The mobile phone companies have gone through serious turbulence in the past years and changes and adaptation to the new situation have been evident and necessary.
In the early years of mobile telephone service, the Israeli service providers had the Israeli consumer by the throat. If you had a mobile phone, you paid for everything, when you made a call, when you received a call, when you sent a text message and when you received one. When you took your phone abroad, just thinking about making a call would cost you money (almost) and actually making one would take a serious bite out of your vacation budget, and of course you would find out about that only after you returned.
With the start of the mobile data era, a new source of income was found by the mobile phone companies and, especially when going abroad, the charges could be (and still are) brutal, even if you don’t use the internet, only because applications perform updates.
And then came Kahlon. The “mobile phone Revolution” initiated and executed by then Communications minister Kahlon, changed the picture completely. Today, calling, receiving calls, and SMS messages in both directions, are mostly unlimited and mobile data use is included in the packages with limits ranging from 3-20 GB and more. And not less important, you are no longer chained to your mobile phone company. The moment you feel cheated, mistreated, or simply think you can get a better deal elsewhere, you just move to another service provider.
The cost of the packages offered today are a fraction of what people spent before on their mobile phone use and everybody is pleased and happy.
Everybody? Well, with the exception of the mobile phone companies of course. Gone are the exorbitant profits that were made until then, gone is the control over the customer base, and competition for the customer has become fierce, with only price playing a significant role.
So the mobile phone companies are constantly looking for alternative sources of income, methods to outdo the completion (including by buying them) and pushing the limits of what a customer is willing to suffer.
Last week I got a clear example of how the mobile phone companies are reorganizing and how they are able to recuperate at least some of the income of earlier days.
I have four children and each (of course) has a mobile phone. For a long time I bought the services of YouPhone, but with the demise of the You supermarket chain, also the phone service ran into trouble and YouPhone was sold to Pelephone, one of the early and large mobile phone companies in Israel (the acquisition of course was part of the strategy mentioned above to reduce competition by buying them out.)
The cost for four mobile phone lines, including unlimited calls and SMS and 5GB data with YouPhone, was NIS 39.
However, as it turns out, the contract was only for 12 months. This important fact is (to be honest) indeed mentioned on the monthly bill, but the size of the print used is so small that nobody in his right mind would pay attention.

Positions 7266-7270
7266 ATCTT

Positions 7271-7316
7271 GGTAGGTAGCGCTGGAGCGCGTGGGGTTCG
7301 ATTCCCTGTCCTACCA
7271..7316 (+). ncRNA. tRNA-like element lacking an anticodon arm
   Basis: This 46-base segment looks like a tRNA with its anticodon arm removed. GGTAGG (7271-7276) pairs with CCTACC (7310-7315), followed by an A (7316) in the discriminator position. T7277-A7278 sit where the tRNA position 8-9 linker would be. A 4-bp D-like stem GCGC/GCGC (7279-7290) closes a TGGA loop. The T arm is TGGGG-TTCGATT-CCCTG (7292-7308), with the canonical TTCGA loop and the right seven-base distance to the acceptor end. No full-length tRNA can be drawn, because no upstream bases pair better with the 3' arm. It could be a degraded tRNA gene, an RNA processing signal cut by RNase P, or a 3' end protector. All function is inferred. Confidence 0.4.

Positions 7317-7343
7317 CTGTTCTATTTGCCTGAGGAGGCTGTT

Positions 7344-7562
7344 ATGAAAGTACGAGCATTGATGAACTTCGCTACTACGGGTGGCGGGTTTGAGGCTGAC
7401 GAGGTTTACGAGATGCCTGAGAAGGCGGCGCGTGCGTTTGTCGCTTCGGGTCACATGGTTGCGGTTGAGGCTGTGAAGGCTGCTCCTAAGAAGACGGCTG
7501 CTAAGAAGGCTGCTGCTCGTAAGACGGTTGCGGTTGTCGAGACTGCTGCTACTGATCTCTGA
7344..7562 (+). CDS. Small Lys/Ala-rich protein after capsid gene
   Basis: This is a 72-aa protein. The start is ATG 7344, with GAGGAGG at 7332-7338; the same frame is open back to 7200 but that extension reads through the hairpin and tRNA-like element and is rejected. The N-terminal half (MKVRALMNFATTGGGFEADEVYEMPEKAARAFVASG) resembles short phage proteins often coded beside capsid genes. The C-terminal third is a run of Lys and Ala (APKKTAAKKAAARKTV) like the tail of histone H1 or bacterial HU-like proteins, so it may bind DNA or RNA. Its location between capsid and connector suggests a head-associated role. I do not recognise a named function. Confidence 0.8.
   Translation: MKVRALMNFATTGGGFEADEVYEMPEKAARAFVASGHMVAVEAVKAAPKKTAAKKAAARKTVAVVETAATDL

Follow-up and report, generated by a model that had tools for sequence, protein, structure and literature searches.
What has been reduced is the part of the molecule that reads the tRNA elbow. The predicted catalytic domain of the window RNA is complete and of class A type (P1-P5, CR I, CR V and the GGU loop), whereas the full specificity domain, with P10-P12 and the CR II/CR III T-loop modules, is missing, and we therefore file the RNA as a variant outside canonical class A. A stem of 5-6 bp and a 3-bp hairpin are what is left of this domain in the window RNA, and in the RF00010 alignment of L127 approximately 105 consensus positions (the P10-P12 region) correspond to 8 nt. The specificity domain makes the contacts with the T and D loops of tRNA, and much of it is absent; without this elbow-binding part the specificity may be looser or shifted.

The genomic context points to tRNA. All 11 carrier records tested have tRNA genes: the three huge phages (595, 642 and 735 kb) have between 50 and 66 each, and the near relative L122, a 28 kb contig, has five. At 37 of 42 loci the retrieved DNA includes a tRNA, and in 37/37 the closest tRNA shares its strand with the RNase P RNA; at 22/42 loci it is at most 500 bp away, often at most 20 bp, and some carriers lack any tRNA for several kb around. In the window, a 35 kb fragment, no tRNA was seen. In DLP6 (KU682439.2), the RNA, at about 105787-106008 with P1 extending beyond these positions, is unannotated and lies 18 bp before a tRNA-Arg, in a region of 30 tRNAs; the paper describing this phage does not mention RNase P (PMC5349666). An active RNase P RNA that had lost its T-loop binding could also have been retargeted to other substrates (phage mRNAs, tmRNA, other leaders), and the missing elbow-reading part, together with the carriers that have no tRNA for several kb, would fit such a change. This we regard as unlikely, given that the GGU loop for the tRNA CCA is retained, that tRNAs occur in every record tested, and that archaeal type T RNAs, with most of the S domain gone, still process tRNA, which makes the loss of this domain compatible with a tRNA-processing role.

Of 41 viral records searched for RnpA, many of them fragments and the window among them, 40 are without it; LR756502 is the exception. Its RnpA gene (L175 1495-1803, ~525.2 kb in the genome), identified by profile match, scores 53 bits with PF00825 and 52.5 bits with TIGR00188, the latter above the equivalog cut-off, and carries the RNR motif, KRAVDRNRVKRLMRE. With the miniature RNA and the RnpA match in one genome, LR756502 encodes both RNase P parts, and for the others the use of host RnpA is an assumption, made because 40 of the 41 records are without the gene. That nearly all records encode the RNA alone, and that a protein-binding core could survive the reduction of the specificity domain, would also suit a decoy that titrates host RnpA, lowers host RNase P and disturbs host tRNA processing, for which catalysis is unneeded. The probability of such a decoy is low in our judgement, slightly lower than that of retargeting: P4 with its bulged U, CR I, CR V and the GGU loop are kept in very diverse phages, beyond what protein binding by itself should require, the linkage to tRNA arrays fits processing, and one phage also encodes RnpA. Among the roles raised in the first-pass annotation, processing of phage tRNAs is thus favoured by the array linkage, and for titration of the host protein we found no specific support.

So, last month, instead of receiving the regular bill for four phone lines of NIS 156, I was surprised and dismayed to see the total rise to NIS 360!
When I called Pelephone, I was simply told that there is nothing they can do, this is what I agreed to in the first place and they sent an SMS message to all four phones with a warning it is going to happen.
When asked what the options are now, I was offered, (after pressing them) a new package, identical to the previous one, but now at a cost of NIS 49 per phone line, bringing the monthly bill to NIS 198.
But, as a surprise, I was told that switching from package to package carries a cost of NIS 60 per phone line for a total of NIS 240.
And, the cherry on top of it all, the new package takes effect about a month from now so one more month I will need to pay the price of NIS 90 per line for a total of NIS 360.
Thus, when making an easy calculation, the cost of a phone line went up from NIS 39, to NIS 61 a month, a whopping 56% increase!
I must admit that I did what Israeli consumers do in situations like this and screamed at them. That is the only wat to get things done here anyway, and they took half of the costs of the changeover off. But that is beside the point here.
Pelephone indeed found a solution to increase its reduced cash flow, since I am sure I am not the only one who misses the warnings (if you may call them that) and in any case, continuing a package for more than one year costs a fortune and a new package will cost more than the previous one and will automatically add NIS 5 per month because of the changeover costs!
I wrote to the Communications ministry, but I assume that the carriers are not doing something illegal and the ministry has better things to do than listening to consumer complaints.
Mr. Kahlon, are you taking notice? Are you aware that the mobile carriers are very busy destroying the only real achievement that you have to show for yourself? Are the carriers allowed what they are doing? Are you going to do something about it?
And Pelephone! Does it feel good to be able to squeeze your customers? Let me help you a bit:
ü Charge customers who use Bluetooth. It is more convenience so worth paying for
ü Charge people who hold their phone in their left hand. Leftist can pay!
ü Charge people who make calls through Whatsup. It really isn’t fair to try and circumvent you, especially on international calls.
I could think of additional easy ways for more squeezing but I am sure you have your own people doing exactly that: coming up with ideas how to get more money out of the customer’s pocket. And they get paid, so if you want more ideas from me, you will need to pay me as well.